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The Earth’s changing climate is a critical issue for us all. At ICRAR, we believe every profession has a responsibility to examine work-related emissions. That’s why we’re taking positive action to measure and reduce the carbon footprint of our research activities.

What is ICRAR doing to assess its carbon emissions?

We audited the carbon emissions of our research activities in a study to be published in Nature Astronomy in September 2020. The study found that the work-based emissions of an average astronomer are 40 per cent higher than the average Australian non-dependant (across work + life emissions), and five times the global average.

The most significant contributor to ICRAR’s carbon footprint (amounting to an estimated 22 tonnes of carbon dioxide per year per astronomer) was our reliance on supercomputing facilities to create cosmological simulations and process the enormous volumes of data that the telescopes we use gather from the sky.

Next, was air travel undertaken by astronomers travelling to observatories, attending meetings with collaborators or attending conferences. This amounted to an estimated 6 tonnes of carbon dioxide per year per astronomer before the COVID-19 pandemic.

What is ICRAR doing to reduce its carbon emissions?


Most of ICRAR’s supercomputing requirements are currently met by ANU’s National Computational Infrastructure; the Pawsey Supercomputing Centre; and the OzSTAR supercomputer, operated by the Swinburne University of Technology.

Significant steps have already been taken to reduce emissions relating to supercomputing.

  • ICRAR researchers are required to design algorithms in a way that processes their data as efficiently as possible.
  • The Pawsey Supercomputing Centre uses geothermal heat exchange to cool its supercomputers and limit their carbon footprint.
  • As of July this year, Swinburne’s OzSTAR supercomputer is powered entirely by procured renewable energy.

Recently, ICRAR also began working with DownUnder GeoSolutions (DUG)—an innovative Perth-based company with four data centres around the world. DUG’s supercomputers are suspended in vats of synthetic oil, reducing overall power consumption by more than a third compared to traditional air-cooled supercomputing operations.

Earlier this year, DUG processed 450 hours of data from the Murchison Widefield Array, a precursor to the Square Kilometre Array radio telescope. DUG’s team worked closely with ICRAR/Curtin researcher Associate Professor Cathryn Trott to optimise the code and ensure efficient use of the supercomputers. Find out more about this work here.

DUG’s 10PFlop data centre located in West Perth. Image Credit: DUG.

Air Travel

Our astronomers are part of an international community that regularly travels to operate the world’s ground and space-based telescopes and meet with collaborators.

ICRAR PhD Candidate Hosein Hashemizadeh in the remote observing control room setting up for observing with the Anglo-Australian Telescope.

ICRAR PhD Candidate Hosein Hashemizadeh in the remote observing control room setting up for observing with the Anglo-Australian Telescope.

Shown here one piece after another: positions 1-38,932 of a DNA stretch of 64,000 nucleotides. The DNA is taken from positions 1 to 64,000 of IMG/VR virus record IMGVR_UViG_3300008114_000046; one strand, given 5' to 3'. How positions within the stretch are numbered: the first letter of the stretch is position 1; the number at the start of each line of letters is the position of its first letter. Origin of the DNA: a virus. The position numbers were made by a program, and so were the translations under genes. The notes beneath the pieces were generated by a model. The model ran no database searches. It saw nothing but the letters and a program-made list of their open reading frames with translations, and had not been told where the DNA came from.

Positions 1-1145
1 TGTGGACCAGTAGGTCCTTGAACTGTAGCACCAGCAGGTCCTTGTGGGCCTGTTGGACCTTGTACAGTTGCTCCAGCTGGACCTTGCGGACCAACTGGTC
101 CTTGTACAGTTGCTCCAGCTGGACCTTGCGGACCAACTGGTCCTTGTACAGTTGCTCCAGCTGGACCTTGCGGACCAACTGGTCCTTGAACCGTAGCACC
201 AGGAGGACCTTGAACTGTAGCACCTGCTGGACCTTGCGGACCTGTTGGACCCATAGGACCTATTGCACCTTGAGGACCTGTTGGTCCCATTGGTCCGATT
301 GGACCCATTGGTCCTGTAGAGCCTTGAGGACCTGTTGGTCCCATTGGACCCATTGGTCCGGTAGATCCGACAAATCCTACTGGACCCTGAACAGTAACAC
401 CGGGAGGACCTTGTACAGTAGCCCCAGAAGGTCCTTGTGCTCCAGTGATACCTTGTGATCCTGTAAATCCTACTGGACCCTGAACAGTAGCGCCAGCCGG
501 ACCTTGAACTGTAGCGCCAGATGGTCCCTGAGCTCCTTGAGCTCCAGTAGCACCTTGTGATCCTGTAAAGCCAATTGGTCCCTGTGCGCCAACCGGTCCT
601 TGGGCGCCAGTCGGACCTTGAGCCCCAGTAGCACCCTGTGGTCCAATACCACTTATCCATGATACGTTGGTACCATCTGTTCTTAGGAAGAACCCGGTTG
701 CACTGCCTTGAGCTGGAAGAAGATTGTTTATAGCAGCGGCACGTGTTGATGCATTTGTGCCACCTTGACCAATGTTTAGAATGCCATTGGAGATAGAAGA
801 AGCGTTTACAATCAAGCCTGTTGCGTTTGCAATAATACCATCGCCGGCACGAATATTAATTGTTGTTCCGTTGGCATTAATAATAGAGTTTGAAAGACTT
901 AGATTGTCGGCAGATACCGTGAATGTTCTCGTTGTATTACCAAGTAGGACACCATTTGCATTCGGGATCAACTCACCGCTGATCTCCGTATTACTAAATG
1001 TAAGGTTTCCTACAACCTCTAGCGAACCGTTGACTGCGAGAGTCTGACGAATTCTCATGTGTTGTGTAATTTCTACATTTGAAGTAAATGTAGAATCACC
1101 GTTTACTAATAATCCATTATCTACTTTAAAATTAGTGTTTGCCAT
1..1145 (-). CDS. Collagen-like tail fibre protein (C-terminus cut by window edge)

In recent years, more and more observatories have developed the capability to be remotely controlled from anywhere in the world, reducing the need for astronomers to travel.

A remote observing control room has been established at ICRAR to take advantage of this and reduce the costs and environmental impact of our astronomers travelling to international locations to operate telescopes.

Before COVID-19, there was already a growing push for meetings and conferences to be hosted virtually, to reduce the need for in-person attendance. The pandemic has accelerated this shift, and the experiences garnered from this period will undoubtedly impact how the need to travel is assessed in the decades to come.

ICRAR’s Sustainability Officers

These individuals will contribute to the Astronomical Society of Australia’s Sustainability Working Group (see below); identify opportunities for how the Centre can reduce its carbon footprint; and make recommendations to our executive team that will shape the organisation’s policies and procedures going forwards.


Decadal plan for Australian astronomy 2016-2025

Published in 2015, this document presents the strategic vision for Australian astronomy for the next decade. In July of 2020, the Australian Academy of Science released a mid-term review of the plan.


This document states that during the mid-term consultations with researchers located around the country, much concern was expressed about

astronomy’s collective carbon footprint. Subsequently, the following recommendations were made to guide the Australian astronomical community on this issue.

The mid-term review of the 2016 decadal plan for Australian astronomy

The mid-term review of the 2016 decadal plan for Australian astronomy

  • Reduce air travel by increased use of virtual and remote conferencing capabilities and the creation of an improved remote participation experience.
  • Use carbon-neutral options for conference and workshop catering and resourcing.
  • Install and enable wider use of remote observing facilities.
  • Build future facilities with remote observing, automated observing, or robotic capabilities as standard.
  • Concentrate HPC usage on energy-efficient and low-carbon solutions, and invest effort, such as through ADACS services, in improving software efficiency.

ASA’s Sustainability Working Group

In response to the mid-term review, the Astronomical Society of Australia (ASA)—the professional body representing astronomers in Australia—recently established a Sustainability Working Group. This group will develop:

  • An optimal set of trackable indicators for institutes to determine progress made towards sustainability.
  • Best practices for the astronomy community and facilities in the form of a sustainability action plan.